The universe is a great Web of Life. You might argue that because so much of it is uninhabitable (dead rocks and nuclear furnaces) we should keep our discussion on the topic of life focused solely on our home planet. But we must remember that Earth is itself a product of the Universal Process which began some 14 billion years ago, and even if our planet was the only place where life exists across the entire 96 billion-light-year diameter of the observable cosmos, we are logically bound to the conclusion that the universe is alive. And conscious. And holding this thought, right now.
The Web of Life, then, extends out into the cosmic surround, includes the whole earth, the vibrant system of living things called nature, and your body as an organismic member of this system. Your body can’t survive apart from the support of nature, nature can’t continue without the favorable conditions of Earth, the earth wouldn’t exist had not the universal process conspired in the way it did for our planet to get formed and flung around its home star.
You may feel separate and all alone at times, but that’s something else, not your body.
I have placed you in the above diagram, nestled in the Web of Life as an embodied and natural earthling, a child of the cosmos and latter-day descendant of stars. For now we’ll focus on the purple figure outlined in black, ignoring everything behind you and to the right. Black is my color code for your animal nature, which is extroverted in its orientation to the environment (nature, Earth, cosmos) as you reach out for the shelter, resources, and connections you need to live.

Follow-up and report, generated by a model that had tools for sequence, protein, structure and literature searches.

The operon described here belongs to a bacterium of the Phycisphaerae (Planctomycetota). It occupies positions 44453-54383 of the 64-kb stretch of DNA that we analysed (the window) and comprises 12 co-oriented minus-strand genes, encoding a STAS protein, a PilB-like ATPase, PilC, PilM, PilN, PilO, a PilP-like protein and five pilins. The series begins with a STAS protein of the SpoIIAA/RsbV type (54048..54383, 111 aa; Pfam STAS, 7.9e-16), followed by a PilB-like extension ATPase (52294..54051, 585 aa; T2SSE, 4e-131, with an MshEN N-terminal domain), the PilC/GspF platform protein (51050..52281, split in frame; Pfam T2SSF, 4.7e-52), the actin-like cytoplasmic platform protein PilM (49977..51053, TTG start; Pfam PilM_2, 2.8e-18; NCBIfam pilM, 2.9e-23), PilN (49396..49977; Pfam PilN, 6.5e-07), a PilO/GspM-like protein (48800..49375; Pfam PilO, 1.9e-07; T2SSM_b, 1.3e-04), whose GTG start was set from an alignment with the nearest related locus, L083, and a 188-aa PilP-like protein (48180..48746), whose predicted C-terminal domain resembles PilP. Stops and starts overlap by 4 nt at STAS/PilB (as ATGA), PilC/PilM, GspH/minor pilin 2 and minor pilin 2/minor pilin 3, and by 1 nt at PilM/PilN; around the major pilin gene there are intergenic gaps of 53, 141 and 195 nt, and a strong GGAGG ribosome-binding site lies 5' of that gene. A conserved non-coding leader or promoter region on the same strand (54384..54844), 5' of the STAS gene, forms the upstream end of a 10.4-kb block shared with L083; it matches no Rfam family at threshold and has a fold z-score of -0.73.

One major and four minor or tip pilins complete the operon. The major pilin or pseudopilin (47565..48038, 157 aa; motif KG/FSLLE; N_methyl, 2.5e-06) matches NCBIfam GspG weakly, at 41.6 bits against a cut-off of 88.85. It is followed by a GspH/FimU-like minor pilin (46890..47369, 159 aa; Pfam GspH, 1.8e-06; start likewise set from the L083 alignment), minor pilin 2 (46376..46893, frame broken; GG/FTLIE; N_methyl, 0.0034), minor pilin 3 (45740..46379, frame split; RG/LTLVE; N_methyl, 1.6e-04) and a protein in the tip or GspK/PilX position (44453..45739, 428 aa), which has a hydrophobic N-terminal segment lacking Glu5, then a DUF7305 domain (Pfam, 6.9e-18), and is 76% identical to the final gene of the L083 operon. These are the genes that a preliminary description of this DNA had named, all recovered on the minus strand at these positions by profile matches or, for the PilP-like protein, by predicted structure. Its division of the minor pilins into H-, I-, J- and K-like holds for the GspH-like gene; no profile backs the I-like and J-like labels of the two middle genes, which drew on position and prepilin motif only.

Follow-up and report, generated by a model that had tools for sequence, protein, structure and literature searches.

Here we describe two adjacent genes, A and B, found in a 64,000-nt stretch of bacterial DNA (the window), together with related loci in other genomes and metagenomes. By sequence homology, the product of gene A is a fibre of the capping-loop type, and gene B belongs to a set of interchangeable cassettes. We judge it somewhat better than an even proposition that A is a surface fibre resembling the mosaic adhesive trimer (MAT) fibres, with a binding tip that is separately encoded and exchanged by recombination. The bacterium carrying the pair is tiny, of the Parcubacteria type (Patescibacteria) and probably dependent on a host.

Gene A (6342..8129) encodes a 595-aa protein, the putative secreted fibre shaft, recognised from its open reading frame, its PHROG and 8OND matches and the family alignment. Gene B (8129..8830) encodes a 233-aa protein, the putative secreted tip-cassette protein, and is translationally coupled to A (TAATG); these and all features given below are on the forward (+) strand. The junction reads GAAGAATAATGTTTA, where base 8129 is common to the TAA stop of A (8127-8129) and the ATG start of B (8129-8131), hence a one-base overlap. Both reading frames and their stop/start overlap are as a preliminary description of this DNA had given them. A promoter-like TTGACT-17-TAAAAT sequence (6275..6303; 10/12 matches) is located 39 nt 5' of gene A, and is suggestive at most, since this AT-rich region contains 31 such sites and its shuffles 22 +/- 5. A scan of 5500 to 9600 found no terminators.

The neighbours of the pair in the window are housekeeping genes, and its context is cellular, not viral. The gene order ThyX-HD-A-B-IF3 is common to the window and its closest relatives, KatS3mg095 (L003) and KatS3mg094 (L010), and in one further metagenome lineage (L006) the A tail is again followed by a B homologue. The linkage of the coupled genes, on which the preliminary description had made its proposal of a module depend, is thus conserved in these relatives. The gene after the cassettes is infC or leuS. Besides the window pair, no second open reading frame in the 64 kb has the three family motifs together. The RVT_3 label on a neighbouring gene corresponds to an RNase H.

Purple represents your inner awareness, oriented inwardly to the grounding mystery of consciousness. Also called the Ground of Being, it is how our provident universe is experienced from within, so to speak, in the uplift of existence. This grounding mystery of being can only be found within as you detach attention from the sensory-physical realm and allow awareness to drop past “mine” (property and attributes), “me” (the felt object of self), and “I” (the center of personal identity), into the deep and timeless present.
Consciousness has no object at this point. Ground is merely a metaphor reflecting the experience of mystery as both source and support of existence in this moment.
This duality of outer and inner orientations of consciousness, one through the body and out to the Web of Life, and the other through the soul and deeper into the Ground of Being, is what constitutes your essential self as a human being. You are a human animal (body) with a capacity for contemplating the inner mystery of being (soul). Because your highly evolved brain and nervous system make this dual orientation possible, you and your species may be the only ones with an ability to contemplate your place in the provident universe.
I should be clear that it’s not entirely by virtue of your advanced nervous system that you are able to break past the boundaries of personal identity for a larger (Web) or deeper (Ground) experience of reality. You need a center of personal identity (color coded orange in my diagram) in place to make such transpersonal experiences even possible. We call them transpersonal precisely because they are about going beyond the personal center of identity and its limited frame of reference. The center is who you think you are, and the frame is a construction of meaning where your identity belongs. It is your world.